'Everything City do, United do better' - Lifting the lid on the fierce rivalry between the Manchester giants

Writer and United supporter Daniel Harris on the 'noisy neighbours'
Funny thing, luck. My granddad could have been taken to Maine Road in the 30s – not beyond the realms of possibility, given that Jewish Manchester, like the rest of the city, wasn’t quite as dominantly Red as it is now – and then where would I be? Ill fortune of that ilk hardly evens itself out over the course of a lifetime.

Except it’s not really luck, is it, because our family’s Red, not Blue, and there’s a difference.

Whenever I consider this point, I think of seminal 80s movie Twins, and the moment at which the failed experiment to create a Superman is revealed to Danny DeVito’s character: “All the purity and strength went into Julius. All the crap that was left over went into what you see in the mirror every morning.”

The brothers may have come from the same place, but that’s where the similarity ends. Handily, one of United’s terrace tunes explains things in more bespoke detail: “You think that your moustache is trendy, you think your Kicker boots are too. With your Kangol and your fleece, Ben Sherman on for weeks, we know that you’re a f****** Blue”.

Yes, you really can pick them – if ever you’re in Manchester, try it out. In the last few months, work has actually forced me to on more than a few occasions, and though there are occasional anomalies, the formula hardly ever fails – the folk I least wanted to be were almost always Blues.


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Because we’re different from each other, how we feel about each other is different. United’s status and supremacy has seen us develop similarly poisonous rivalries with Liverpool and Leeds, and the pursuit of trophies has occupied minds too, as has the fight to protect the club from various immoral owners – City are but one of several targets for our hatred.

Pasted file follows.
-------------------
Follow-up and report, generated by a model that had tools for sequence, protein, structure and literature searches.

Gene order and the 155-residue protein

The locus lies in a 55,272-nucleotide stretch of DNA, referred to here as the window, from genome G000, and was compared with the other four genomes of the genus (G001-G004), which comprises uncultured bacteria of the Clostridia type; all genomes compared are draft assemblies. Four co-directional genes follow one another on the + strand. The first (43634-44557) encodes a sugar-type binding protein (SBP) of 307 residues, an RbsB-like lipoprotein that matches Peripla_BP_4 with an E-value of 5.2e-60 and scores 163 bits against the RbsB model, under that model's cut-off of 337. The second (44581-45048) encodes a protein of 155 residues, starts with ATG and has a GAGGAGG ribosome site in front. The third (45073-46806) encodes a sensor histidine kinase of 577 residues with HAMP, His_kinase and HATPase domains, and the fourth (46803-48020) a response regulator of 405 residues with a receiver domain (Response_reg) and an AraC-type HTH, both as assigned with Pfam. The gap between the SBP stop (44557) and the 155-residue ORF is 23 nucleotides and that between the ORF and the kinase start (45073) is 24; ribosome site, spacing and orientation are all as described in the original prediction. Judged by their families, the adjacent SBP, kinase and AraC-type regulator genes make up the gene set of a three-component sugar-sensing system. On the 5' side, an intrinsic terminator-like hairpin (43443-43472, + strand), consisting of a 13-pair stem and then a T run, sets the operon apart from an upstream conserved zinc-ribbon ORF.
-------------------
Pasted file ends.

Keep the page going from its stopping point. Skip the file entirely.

They – the spotty ginger fat kid with a huge library of pornography, forced to watch from the window as his hunky neighbour gets it on with everything in sight – on the other hand have nurtured a festering, obsessive bitterness towards United and the unfairness of it all. Hell, there’s even a book entitled Manchester United Ruined My Life. They characterise themselves in opposition to us, our identity defines them. Everything they do, we do better.

In 1968, City won the title, but then two-and-a-half weeks later United become the first English team to win the European Cup. They spent the final months of 80s and early 90s banging on about 5-1, until we went and clattered them 5-0. On the last day of 1995-96, they wasted time at Maine Road, thinking that a draw would keep them up, while United beat Middlesbrough to clinch yet another title. In 1998-99, United secured the treble, yet City claimed it was overshadowed by their win in the Second Division playoff final. Their miniscule support wave inflatable bananas, United’s throngs flares and sharp, pithy banners.

Put like that, it’s easy to understand their desperation. But even so, the shameless, oblivious, humiliating way they embraced friendly Dr Thaksin Shinawatra went way beyond anything I could have predicted, as did the toadying, fawning, tea-towel wearing, utterly un-Manc welcome given to Abu Dhabi.